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NPI poll finds 69% of Washingtonians favor life in prison alternatives to the death penalty

An overwhelming majority of Washingtonians would rather send convicted murderers to prison for life than execute them, a recent poll commissioned by the Northwest Progressive Institute has found.

A total of 69% of respondents surveyed said they preferred one of three life in prison alternatives to just 24% who said they preferred the death penalty.

8% said they were not sure.

This significant finding suggests that a consensus is building among the people of Washington State for a sorely needed human rights and criminal justice reform. Washingtonians don’t need to be convinced that replacing the death penalty with life in prison alternatives makes sense… it’s what they already believe.

Here is the question we asked and the responses we received:

QUESTION:

Of the following list of choices, which punishment do you prefer for people convicted of murder: life in prison with NO possibility of parole, life in prison with NO possibility of parole and a requirement to work in prison and pay restitution to the victims, life in prison with a possibility of parole after at least forty years, or the death penalty?

ANSWERS:

  • Prefer Life In Prison… (69% total)
    • … With No Possibility Of Parole: 10%
    • … With No Possibility Of Parole And A Requirement To Work in Prison And Pay Restitution To The Victims: 46%
    • … With A Possibility Of Parole After At Least Forty Years: 13%
  • Prefer The Death Penalty: 24%
  • Not Sure: 8%

Our survey of six hundred and seventy-five likely 2018 Washington State voters was in the field May 22nd-23rd, 2018. The survey used a blended methodology with automated phone calls to landlines and online interviews of cell phone only respondents. The poll was conducted by Public Policy Polling for NPI, and has a margin of error of +/- 3.8% at the 95% confidence level.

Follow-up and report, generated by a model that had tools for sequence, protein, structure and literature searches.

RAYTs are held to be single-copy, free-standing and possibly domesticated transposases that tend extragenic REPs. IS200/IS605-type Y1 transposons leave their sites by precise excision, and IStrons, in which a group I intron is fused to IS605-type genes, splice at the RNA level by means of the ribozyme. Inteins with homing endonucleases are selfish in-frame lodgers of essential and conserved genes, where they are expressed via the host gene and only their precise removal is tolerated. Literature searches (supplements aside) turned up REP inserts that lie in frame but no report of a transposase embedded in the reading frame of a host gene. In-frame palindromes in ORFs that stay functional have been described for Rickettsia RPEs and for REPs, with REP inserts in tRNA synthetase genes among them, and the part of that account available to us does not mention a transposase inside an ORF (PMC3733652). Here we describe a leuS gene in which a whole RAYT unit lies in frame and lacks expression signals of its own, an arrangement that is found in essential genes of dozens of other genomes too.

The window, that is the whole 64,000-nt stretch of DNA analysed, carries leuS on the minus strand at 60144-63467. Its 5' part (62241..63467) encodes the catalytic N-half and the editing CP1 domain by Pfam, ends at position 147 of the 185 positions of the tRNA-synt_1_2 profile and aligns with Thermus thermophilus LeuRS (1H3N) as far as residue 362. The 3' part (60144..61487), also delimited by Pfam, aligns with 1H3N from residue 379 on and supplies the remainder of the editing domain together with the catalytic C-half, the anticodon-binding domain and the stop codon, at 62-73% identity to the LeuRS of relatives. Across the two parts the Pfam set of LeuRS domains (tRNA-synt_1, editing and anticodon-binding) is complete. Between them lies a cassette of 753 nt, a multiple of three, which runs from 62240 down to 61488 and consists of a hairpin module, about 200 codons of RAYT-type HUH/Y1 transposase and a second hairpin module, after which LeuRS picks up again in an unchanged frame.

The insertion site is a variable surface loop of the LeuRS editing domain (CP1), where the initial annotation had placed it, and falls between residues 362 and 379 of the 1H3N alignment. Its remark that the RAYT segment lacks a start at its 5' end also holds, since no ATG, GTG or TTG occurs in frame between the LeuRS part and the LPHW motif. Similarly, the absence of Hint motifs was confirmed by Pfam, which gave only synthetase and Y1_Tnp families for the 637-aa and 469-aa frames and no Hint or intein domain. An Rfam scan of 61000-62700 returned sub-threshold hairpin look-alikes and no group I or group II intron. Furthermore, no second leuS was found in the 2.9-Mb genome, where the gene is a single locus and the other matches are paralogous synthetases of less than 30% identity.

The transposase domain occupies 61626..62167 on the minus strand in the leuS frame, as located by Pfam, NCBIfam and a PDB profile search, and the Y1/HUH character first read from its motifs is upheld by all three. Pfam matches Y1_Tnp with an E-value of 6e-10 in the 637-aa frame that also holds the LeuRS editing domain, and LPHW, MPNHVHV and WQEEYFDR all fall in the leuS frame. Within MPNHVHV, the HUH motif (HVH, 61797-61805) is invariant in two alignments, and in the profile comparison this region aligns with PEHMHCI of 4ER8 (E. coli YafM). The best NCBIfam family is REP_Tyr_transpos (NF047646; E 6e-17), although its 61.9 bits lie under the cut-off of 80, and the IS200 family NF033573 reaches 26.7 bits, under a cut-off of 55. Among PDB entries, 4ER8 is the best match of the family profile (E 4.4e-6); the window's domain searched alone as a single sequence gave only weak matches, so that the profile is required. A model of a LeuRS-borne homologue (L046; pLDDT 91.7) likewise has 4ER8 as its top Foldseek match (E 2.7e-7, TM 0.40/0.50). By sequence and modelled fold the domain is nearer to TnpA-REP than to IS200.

What we found most striking about the responses were that not a single subsample within the survey favored the death penalty… not even Donald Trump voters.

(Trump voters favor life in prison by the slimmest of margins: 48% of them picked one of the three alternatives, while 46% want to keep the death penalty.)

What this tells us is that there is broad agreement across the ideological spectrum for getting rid of the practice of putting convicted murders to death.

82% of those identifying as Democrats in our poll selected one of the life in prison alternatives, joined by 63% of those identifying as independents and supporters of a minor party, plus 54% of those identifying as Republicans.

There are ample reasons to oppose the death penalty.

It doesn’t deter crime, it’s actually cheaper to incarcerate murderers than it is to execute them, and it’s a practice that has been ended in every other developed country except for the United States… not to mention many developing countries.

But perhaps the best reason of all to abolish the death penalty is that it is discriminatory and unjust. Our courts are simply not infallible. Prosecutors make mistakes. Juries make mistakes. Judges make mistakes. A person who is innocent can be accused, tried, and executed for a murder they did not commit.